To assess whether OA can modulate the effect of chronic immune activation on cell migration in vivo, air pouches were generated in R848-treated and untreated mice and, given the low frequency of CCR6+ Th cells present in the circulation of mice housed in specific pathogen-free conditions, we measured the number of CD4+ T cells recruited in response to CXCL12. As observed in the in vitro experiments, CD4+ T cells of treated mice were not able to efficiently respond to the chemokine. Strikingly, this impairment was rescued by the injection of OA together with CXCL12 in the air pouches (Fig. 6D), indicating that the drug injected at the abluminal sites can favor, similar to the in vitro experiments, a cytoskeleton remodeling of the leading edge in cells patrolling the skin endothelium. This was sufficient to restore T cell capacity to respond to chemotactic cues.
The dynamics of different subsets of circulating Th cells in the course of HIV-1 infection have been widely investigated with the help of the expression of specific tissue-homing markers. Nevertheless, a functional analysis on Th cell ability to respond to selective chemokine receptor agonists is missing. For the first time, to our knowledge, we have elucidated the relationship among the degree of immunodeficiency, cell recovery following ART treatment, and the ability of Th cells to respond to chemoattractants. This study discloses a novel path occurring in viral infection that, after the clearance of circulating virus, can impair the host immune system.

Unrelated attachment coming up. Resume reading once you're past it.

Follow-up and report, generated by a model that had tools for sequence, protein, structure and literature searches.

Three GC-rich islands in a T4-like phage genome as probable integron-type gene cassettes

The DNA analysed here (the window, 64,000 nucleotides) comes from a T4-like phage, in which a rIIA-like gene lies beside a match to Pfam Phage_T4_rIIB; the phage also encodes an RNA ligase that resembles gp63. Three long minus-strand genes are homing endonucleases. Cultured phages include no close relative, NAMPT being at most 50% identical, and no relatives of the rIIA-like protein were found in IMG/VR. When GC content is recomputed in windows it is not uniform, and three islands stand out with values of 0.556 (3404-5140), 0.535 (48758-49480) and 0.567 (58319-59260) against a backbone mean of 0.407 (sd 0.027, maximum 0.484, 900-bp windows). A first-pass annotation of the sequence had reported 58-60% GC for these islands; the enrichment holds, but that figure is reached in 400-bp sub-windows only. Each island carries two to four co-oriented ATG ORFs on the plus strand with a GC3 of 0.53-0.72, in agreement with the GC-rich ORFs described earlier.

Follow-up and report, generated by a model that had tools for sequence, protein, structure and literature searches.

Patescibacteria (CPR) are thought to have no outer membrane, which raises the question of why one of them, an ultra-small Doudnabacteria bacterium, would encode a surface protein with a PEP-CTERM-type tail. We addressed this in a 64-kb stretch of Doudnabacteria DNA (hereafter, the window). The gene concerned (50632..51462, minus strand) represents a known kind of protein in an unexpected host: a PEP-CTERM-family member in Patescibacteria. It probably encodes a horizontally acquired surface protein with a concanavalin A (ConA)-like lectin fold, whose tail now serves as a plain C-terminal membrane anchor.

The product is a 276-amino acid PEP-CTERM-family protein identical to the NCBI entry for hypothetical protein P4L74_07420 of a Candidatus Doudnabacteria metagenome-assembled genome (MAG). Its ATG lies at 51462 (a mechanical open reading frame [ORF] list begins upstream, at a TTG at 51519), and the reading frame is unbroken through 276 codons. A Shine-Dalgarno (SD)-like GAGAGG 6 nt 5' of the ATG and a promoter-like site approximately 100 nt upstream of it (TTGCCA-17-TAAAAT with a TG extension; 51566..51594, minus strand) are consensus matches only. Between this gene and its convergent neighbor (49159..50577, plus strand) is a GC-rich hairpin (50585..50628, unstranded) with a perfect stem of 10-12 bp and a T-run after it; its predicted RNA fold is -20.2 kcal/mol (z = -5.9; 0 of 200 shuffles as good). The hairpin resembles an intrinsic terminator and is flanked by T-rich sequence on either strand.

We show that CCR6+ and CXCR3+ Th cells accumulate in the blood of ART-treated HIV-1–infected patients, and their frequencies correlate with a status of chronic immune activation. Cell accumulation is most likely due to their incompetence to respond to chemokines, thus preventing their trafficking to peripheral organs. Although the impaired migration of Th cells is a common feature of both SIV and HIV-1 infection, their accumulation in the blood becomes evident only in patients successfully treated by ART. Regardless of therapy, circulating lymphocytes from HIV-1–infected patients, which show a compromised migration, are characterized by inefficient actin polymerization in response to chemotactic stimuli and express high levels of active cofilin, which contribute to an increased process of F-actin severing. By modulating the cytoskeleton activity, we were able to rescue both optimal levels of intracellular F-actin and efficient cell migration following chemokine receptor triggering. For the first time, to our knowledge, we show in a mouse model that mimics the immunological alterations observed in HIV-1 infection (14) that chronic immune activation leads to CCR6+ Th cell accumulation in the circulation. This is associated with a reduced number of CD4+ T cells in the PP, as well as an impairment of lymphocyte migration that can be reverted by modulating the cytoskeleton activity.